Appropriation Act and Finance Act
An Appropriation Act in India is an act of Parliament which allows the withdrawal of funds from Consolidated Fund of India or Consolidated Funds of States (in case of state budgets). Similarly, the Finance Act of Central Government gives effect to the taxation proposals in the beginning of every financial year. For taxation proposals at state levels, State Finance Acts are enacted every year.
Constitution says that no money shall be withdrawn from the consolidated fund of India except under the appropriation made by law. Thus, the Appropriation Bill authorizes the amount which can be drawn out of the Consolidated Fund of India for meeting the expenditures. This bill is required to be passed for votable as well as non-votable expenditures and also any vote on account.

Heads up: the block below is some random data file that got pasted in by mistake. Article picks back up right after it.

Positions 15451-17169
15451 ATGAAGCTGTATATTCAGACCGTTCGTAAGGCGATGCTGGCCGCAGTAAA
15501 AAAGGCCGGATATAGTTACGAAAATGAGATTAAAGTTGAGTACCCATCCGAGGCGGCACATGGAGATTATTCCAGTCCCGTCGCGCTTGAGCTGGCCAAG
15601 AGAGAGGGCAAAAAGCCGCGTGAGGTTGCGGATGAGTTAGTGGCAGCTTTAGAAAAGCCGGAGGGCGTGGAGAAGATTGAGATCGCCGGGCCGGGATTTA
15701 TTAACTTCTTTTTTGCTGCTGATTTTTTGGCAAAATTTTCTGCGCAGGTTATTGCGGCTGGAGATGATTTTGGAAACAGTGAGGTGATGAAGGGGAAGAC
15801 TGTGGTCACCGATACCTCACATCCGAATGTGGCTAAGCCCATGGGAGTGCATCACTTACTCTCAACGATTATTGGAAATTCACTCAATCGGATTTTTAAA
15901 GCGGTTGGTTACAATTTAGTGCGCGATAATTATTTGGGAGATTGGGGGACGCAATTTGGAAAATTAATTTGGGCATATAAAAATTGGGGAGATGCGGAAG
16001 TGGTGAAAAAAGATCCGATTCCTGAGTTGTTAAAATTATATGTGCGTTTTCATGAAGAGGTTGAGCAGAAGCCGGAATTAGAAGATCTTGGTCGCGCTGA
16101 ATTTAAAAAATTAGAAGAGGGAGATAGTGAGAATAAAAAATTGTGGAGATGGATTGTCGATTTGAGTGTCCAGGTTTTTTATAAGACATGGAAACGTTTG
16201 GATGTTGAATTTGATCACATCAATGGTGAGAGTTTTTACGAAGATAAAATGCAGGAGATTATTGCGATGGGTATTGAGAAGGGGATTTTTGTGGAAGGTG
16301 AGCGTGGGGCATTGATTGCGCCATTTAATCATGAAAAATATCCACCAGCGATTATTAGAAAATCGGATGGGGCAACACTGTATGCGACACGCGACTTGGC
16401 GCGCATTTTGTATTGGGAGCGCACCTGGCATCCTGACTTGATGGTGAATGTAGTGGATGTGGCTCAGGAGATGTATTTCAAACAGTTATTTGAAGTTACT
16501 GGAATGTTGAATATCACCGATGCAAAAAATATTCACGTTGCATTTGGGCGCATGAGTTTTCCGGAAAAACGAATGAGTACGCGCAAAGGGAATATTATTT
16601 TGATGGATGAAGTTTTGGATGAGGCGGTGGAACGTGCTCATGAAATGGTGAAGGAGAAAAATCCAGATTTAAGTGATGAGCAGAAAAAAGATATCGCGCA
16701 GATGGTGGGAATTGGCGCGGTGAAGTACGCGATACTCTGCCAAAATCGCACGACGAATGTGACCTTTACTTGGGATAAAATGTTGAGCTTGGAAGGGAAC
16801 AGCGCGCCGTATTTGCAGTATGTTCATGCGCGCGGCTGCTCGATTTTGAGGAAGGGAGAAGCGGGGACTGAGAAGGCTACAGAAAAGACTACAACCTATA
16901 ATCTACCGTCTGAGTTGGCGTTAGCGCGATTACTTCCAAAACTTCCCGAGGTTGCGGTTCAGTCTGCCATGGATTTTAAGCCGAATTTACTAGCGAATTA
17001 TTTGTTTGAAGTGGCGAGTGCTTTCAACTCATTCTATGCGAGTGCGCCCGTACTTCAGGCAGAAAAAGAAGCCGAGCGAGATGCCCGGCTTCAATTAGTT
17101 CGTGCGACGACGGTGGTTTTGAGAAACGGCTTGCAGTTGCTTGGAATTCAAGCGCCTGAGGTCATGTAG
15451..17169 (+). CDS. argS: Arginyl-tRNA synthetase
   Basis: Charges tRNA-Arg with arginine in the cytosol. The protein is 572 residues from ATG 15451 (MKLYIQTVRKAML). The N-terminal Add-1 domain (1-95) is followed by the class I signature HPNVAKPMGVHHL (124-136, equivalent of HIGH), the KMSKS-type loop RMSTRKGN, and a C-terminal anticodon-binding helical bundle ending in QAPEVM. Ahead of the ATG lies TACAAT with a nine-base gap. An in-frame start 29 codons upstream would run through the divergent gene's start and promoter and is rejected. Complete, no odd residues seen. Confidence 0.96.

Further, kindly note that once the Lok Sabha has passed the Appropriation Bill, no amendments in its amounts can be proposed in either house of Parliament. Once the bill gets President’s assent, it becomes Appropriation Act. The Appropriation Act authorises the government to withdraw funds from Consolidated Fund of India.
The Constitution (Article 265) says that no tax shall be levied or collected except by authority of law. Consequently, a Finance Bill dealing with such law is introduced to authorize the government to raise funds through taxation. This bill must become an act within 75 days of introduction.
Difference between Appropriation and Finance Bills / Acts
- While Appropriation act legalizes the expenditure side of the budget, Finance act legalizes the income side (Taxes) of budget.
- While no amendments can be moved or passed in case of appropriation bill, amendments seeking to reject or reduce a tax can be moved in the case of finance bill.